Six months ago, Will Scott got his last unemployment check after 99 weeks — the maximum amount of time someone can draw the benefits.
Since then, he lost his house and eats in soup kitchens in between looking for jobs and working the “maze” of social services.
“I’m just going from sofa to sofa and when that doesn’t work out I sleep in the back of my truck,” Scott said as he left the unemployment office on Turk Street, where he went to browse the Internet for jobs. “It’s an emotionally trying time.”
Unless Congress acts in the next two weeks, more than 2 million Americans stand to lose their unemployment checks on Nov. 30 when those benefits are set to expire. House Republicans, who are worried about more deficit spending, blocked a bill last week that would extend unemployment benefits.
In San Francisco, unemployment has hovered around 10 percent for the last year despite ongoing efforts by local lawmakers to create new jobs and stimulate the economy with incentives for new construction.
But a stubbornly high jobless rate cannot be ignored even by Republicans, said Jim Ross, a local political consultant. President Barack Obama will have to be more strategic about negotiating across the aisle if he wants to ensure unemployment benefits are offered a little longer.
Local labor unions have launched a full-fledged campaign, making cold calls to representatives at the nation’s capital, pleading with them to pass an extension. The construction industry has taken the hardest blow locally, peaking at 40 percent of builders still out of work, said Tim Paulson, executive director of the San Francisco Labor Council.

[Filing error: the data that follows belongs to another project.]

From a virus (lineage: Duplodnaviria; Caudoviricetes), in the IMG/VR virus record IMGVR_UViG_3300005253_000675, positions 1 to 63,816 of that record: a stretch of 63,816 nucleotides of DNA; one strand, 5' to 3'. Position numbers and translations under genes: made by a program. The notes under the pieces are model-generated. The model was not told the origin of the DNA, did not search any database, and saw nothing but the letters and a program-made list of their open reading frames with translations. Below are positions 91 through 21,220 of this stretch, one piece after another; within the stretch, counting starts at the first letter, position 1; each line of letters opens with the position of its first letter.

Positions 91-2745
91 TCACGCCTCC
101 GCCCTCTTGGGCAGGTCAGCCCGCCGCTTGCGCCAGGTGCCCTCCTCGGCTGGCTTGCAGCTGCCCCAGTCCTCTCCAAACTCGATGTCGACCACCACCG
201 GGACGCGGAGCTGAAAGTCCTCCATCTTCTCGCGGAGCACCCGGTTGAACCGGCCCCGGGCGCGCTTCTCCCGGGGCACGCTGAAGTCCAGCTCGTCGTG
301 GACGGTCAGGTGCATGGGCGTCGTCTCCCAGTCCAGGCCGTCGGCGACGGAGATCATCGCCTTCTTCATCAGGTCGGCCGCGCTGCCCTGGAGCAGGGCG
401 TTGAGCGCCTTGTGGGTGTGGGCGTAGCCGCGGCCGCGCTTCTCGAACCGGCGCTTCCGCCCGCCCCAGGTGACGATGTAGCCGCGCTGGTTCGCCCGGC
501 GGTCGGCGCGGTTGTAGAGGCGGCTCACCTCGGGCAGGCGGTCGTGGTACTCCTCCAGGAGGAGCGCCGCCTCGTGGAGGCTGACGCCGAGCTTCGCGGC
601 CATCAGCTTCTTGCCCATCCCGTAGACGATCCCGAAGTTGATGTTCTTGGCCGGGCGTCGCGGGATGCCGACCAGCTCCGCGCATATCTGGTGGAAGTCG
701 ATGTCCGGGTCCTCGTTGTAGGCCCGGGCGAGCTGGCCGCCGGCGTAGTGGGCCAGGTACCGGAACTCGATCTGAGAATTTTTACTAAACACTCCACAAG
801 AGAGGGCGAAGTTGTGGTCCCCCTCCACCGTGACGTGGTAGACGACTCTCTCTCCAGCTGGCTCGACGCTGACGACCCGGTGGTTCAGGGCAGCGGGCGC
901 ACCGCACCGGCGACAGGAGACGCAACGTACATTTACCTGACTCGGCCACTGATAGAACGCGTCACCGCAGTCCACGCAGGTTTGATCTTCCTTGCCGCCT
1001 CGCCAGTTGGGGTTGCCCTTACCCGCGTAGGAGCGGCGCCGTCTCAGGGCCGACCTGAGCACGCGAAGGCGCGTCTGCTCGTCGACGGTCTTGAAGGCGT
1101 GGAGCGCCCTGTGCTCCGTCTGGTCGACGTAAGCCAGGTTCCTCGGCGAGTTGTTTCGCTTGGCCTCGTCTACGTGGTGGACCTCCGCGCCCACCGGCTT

“There are lots and lots of people out of work and to think that those people should be denied their unemployment is unconscionable,” Paulson said.
San Francisco officials are doing what they can. In October, The City lost millions of dollars in stimulus funding that was supporting more than 4,000 private and public-sector jobs. Mayor Gavin Newsom shifted local money around to stave off as many layoffs as possible, but has only been able to secure jobs for 273 of those workers, said Trent Rhorer, director of the Human Services Agency.
Economists have argued that unemployment is the catalyst for recovery; unemployment suppresses consumer spending.
“It’s not a recession, it’s a depression,” said Jim Lazarus, vice president for public policy with the San Francisco Chamber of Commerce. “It won’t help the buying power of Californians if those who are maxed out lose their unemployment benefits.”